How do you differentiate the symptoms of hemiplegic migraine from a stroke?
The main difference between hemiplegic migraine and stroke is that the aura symptoms of hemiplegic migraine come on gradually, whereas a stroke and its related symptoms will occur suddenly.
“Hemiplegic migraine ... and this is important, because you can come in with hemiplegia, or weakness on one side of the body, and that will mimic a stroke. These patients can be distinguished as migraine by one of two ways: One, they have the visual illusion or the sensory symptom, that tingling numbness, or a problem with language. And number two, it occurs in sequence. First, they might have the visual symptom, and then the weakness starts, and then the numbness progresses. So it occurs in sequence. Where, with stroke, it's a stroke. All of those symptoms occur almost simultaneously. That sequential involvement — visual, sensory, motor, language — is one telltale sign that it's migraine.”
With hemiplegic migraine, the aura symptoms will occur gradually and usually begin with some sort of visual symptom. Sensory symptoms, such as tingling or numbness or a problem with language, will then follow the visual symptoms. These symptoms will always occur gradually, one at a time, and in sequence. With a stroke, however, all of the symptoms that are similar to those with hemiplegic migraine occur suddenly and simultaneously. The differentiating factor, therefore, is the sequential nature of hemiplegic symptoms: visual, sensory, motor, and then language.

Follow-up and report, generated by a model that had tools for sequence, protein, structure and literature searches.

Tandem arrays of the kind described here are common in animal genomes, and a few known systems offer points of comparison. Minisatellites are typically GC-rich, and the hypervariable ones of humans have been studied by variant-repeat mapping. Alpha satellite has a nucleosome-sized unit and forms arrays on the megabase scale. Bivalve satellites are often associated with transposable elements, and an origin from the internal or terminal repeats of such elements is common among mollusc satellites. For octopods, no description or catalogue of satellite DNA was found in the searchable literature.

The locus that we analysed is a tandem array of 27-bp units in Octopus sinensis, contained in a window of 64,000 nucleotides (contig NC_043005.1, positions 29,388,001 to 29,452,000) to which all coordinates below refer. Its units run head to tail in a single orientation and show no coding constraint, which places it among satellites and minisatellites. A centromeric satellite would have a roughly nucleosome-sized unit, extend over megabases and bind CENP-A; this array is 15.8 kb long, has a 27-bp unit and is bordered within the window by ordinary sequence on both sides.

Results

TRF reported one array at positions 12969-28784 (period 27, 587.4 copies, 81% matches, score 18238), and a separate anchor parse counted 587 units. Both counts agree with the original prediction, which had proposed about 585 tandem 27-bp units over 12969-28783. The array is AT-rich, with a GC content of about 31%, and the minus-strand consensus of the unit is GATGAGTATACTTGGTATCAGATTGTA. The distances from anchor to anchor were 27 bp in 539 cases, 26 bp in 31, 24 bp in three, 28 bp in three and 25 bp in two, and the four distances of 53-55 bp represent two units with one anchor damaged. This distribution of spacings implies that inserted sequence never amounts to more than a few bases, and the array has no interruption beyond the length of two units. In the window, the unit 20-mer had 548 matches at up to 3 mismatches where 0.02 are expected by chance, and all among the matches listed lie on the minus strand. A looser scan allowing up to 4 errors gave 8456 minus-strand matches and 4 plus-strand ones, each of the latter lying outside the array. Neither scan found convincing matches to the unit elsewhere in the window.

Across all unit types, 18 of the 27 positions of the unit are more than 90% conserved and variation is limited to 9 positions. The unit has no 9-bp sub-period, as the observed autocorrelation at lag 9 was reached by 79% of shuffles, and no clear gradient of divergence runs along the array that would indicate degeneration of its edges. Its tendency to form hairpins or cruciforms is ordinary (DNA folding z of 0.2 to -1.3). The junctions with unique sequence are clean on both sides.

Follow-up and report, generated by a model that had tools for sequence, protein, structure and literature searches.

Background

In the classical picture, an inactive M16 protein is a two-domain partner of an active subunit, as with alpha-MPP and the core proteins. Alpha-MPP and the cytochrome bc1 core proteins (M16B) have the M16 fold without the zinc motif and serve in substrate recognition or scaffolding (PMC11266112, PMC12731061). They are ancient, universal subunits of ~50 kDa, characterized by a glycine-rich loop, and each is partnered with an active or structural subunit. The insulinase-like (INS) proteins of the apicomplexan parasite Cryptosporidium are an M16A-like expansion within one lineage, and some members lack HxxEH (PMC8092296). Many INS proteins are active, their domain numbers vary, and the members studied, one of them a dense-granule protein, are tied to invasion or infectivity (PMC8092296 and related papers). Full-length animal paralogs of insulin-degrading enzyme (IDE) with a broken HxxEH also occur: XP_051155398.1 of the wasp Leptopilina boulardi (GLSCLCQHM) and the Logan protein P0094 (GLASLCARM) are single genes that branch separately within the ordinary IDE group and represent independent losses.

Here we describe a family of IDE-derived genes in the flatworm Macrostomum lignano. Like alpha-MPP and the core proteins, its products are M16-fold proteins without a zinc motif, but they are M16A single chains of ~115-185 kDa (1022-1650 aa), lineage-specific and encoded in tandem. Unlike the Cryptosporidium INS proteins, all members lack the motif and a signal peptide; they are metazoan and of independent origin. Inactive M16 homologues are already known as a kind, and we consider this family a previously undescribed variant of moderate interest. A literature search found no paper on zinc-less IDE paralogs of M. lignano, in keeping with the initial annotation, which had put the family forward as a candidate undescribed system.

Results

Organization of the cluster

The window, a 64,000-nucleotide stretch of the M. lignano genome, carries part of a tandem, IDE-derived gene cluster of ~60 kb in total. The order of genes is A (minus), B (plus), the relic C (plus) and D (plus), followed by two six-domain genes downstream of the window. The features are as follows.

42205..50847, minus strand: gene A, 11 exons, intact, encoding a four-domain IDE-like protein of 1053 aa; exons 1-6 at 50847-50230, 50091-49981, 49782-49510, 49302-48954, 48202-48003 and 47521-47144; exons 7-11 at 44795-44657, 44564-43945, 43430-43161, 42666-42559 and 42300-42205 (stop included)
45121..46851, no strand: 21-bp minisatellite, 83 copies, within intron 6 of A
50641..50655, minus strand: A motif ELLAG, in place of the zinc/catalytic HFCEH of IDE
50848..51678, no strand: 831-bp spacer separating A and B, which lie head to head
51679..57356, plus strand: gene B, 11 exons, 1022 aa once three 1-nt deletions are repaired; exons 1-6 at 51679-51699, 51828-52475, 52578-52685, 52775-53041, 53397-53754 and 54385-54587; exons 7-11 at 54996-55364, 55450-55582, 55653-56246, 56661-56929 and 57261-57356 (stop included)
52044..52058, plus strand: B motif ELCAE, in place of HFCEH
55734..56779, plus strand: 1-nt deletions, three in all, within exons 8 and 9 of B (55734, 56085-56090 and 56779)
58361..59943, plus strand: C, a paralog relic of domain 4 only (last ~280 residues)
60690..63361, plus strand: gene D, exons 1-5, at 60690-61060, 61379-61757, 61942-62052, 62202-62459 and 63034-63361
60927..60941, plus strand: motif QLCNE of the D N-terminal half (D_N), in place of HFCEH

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David Dodick, MD
Mayo Clinic, Arizona
David Dodick, M.D., FAAN, is a professor of neurology at the Mayo Clinic College of Medicine and Science in Scottsdale, Arizona. He is the director of the headache program and the sports neurology and concussion program at Mayo Clinic in Arizona. He is an adjunct professor in the department of neurosciences, Norwegian University of Science and Technology. Dr. Dodick is board certified by the Royal College of Physicians and Surgeons of Canada and the American Board of Psychiatry and Neurology (ABPN). He also holds United Council for Neurologic Subspecialties certification in headache medicine and ABPN certification in vascular neurology.
Dr. Dodick has authored more than 380 peer-reviewed publications and authored/edited 10 books. He is the chair of the American Migraine Foundation, chair of the American Academy of Neurology (AAN) Annual Program Concussion Committee, co-director of the American Registry of Migraine Research, chair of the International Registry for Migraine Research, chair of the International Headache Society Global Patient Advocacy Coalition, co-director of the Annual AAN Sports Concussion Conference, president-elect of the International Concussion Society, immediate past-president of the International Headache Society, former editor-in-chief of Cephalalgia, and past-president of the American Headache Society.